Why do we need a carbon tax? [...] in a paper I (Steven Levitt) was proud to publish in the Journal of Political Economy, [Edlin and Mandic] argue convincingly that each extra driver raises the insurance costs of other drivers by about $2,000. Their key point is that, if my car is not there to crash into, maybe a crash never happens. They conclude that the appropriate tax would generate $220 billion annually.
How about global warming? Every gallon of gas I burn releases carbon into the atmosphere, presumably speeding global warming. [...] the social cost of a ton of carbon put into the atmosphere is about $43. [...] If that number is right, then the gas tax needed to offset the global warming effect is about 12 cents per gallon. [...] that implies a $20 billion global warming externality. So relative to reducing congestion and lowering the number of accidents, fighting global warming is a distant third in terms of reasons to raise the gas tax. More here.
Fantasy Journals: Create the rules and web infrastructure for a game of ”fantasy journals” analogous to the fantasy baseball and fantasy football leagues that are so popular among sports fans. Scientists could draft papers for their own fantasy journal, and then compete to see whose journal was most successful. Such a game would be great fun to play e.g. in a conference setting or in a research group, and it would also potentially be a source of valuable bottom-up bibliometric tagging information. More here, via MR.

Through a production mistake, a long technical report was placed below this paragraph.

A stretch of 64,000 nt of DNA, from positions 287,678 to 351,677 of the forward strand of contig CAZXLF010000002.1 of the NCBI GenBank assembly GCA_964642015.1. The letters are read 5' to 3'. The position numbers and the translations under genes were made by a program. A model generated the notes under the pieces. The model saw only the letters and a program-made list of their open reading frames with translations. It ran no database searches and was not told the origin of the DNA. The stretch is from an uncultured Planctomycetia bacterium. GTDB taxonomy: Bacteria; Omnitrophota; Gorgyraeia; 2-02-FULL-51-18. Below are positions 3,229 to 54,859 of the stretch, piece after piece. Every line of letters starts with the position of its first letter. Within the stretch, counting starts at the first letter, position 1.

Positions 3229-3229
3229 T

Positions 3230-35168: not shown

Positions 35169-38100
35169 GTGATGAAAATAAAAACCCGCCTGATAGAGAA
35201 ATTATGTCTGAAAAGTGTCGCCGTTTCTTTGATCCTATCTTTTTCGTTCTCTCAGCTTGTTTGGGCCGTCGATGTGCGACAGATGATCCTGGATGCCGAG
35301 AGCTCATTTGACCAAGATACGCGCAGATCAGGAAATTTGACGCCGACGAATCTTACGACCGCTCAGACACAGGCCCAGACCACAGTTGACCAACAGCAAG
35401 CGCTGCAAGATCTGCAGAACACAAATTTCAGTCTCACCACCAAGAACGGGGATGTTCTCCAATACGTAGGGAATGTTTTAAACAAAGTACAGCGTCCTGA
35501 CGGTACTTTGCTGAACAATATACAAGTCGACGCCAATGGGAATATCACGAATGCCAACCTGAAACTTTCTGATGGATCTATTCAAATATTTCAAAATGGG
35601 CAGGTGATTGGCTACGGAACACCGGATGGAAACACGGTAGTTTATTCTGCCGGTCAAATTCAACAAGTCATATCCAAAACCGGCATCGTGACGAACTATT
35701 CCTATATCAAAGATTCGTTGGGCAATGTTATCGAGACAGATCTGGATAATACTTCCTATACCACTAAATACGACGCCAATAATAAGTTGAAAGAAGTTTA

Lifesharers is a legal non-monetary organ market, inspired by Alex Tabarrok's "no-give no-take" proposal. LifeSharers offers a very compelling trade: you agree to donate your organs when you die, and in exchange you'll increase your chances of getting a transplant should you ever need one to live.
An interesting idea that mainly serves to circumvent the legal restrictions on organ sales; at any rate, don't expect your odds to improve very much (Lifesharers' membership is around 10,000 - have a look at the relevant mortality and organ donation statistics for the U.S. and do the maths). Also, while 'organs for organs' has a certain intuitive appeal, it is no more fairer than a 'bananas for bananas' arrangement - and considerations of 'fairness' tend to be a bit more complicated than that. Assuming full legalisation of organ markets is out of the question, a system of presumed consent seems to me the only realistic way forward.
[W]hether police officers are motivated by fund-raising as well as safety when writing traffic tickets — has been examined [in the] “Political Economy at Any Speed: What Determines Traffic Citations?” The authors found a statistical link between a town’s finances and the likelihood that its police officers would issue a speeding ticket. The details are a little sticky, but they show that tickets were issued more often in places that were short on cash, and that out-of-towners received tickets more often than drivers with local addresses. The NYT has more.
Secrets Revealed: How Magicians Protect Intellectual Property (free access): Intellectual property scholars have begun to explore the curious dynamics of IP's negative spaces, areas in which IP law offers scant protection for innovators, but where innovation nevertheless seems to thrive. [...] This paper presents a study of one such negative space [...] the world of performing magicians. This paper argues that idiosyncratic dynamics among magicians make traditional copyright, patent, and trade secret law ill-suited to protecting magicians' most valuable intellectual property. Yet, the paper further argues that the magic community has developed its own set of unique IP norms which effectively operate in law's absence.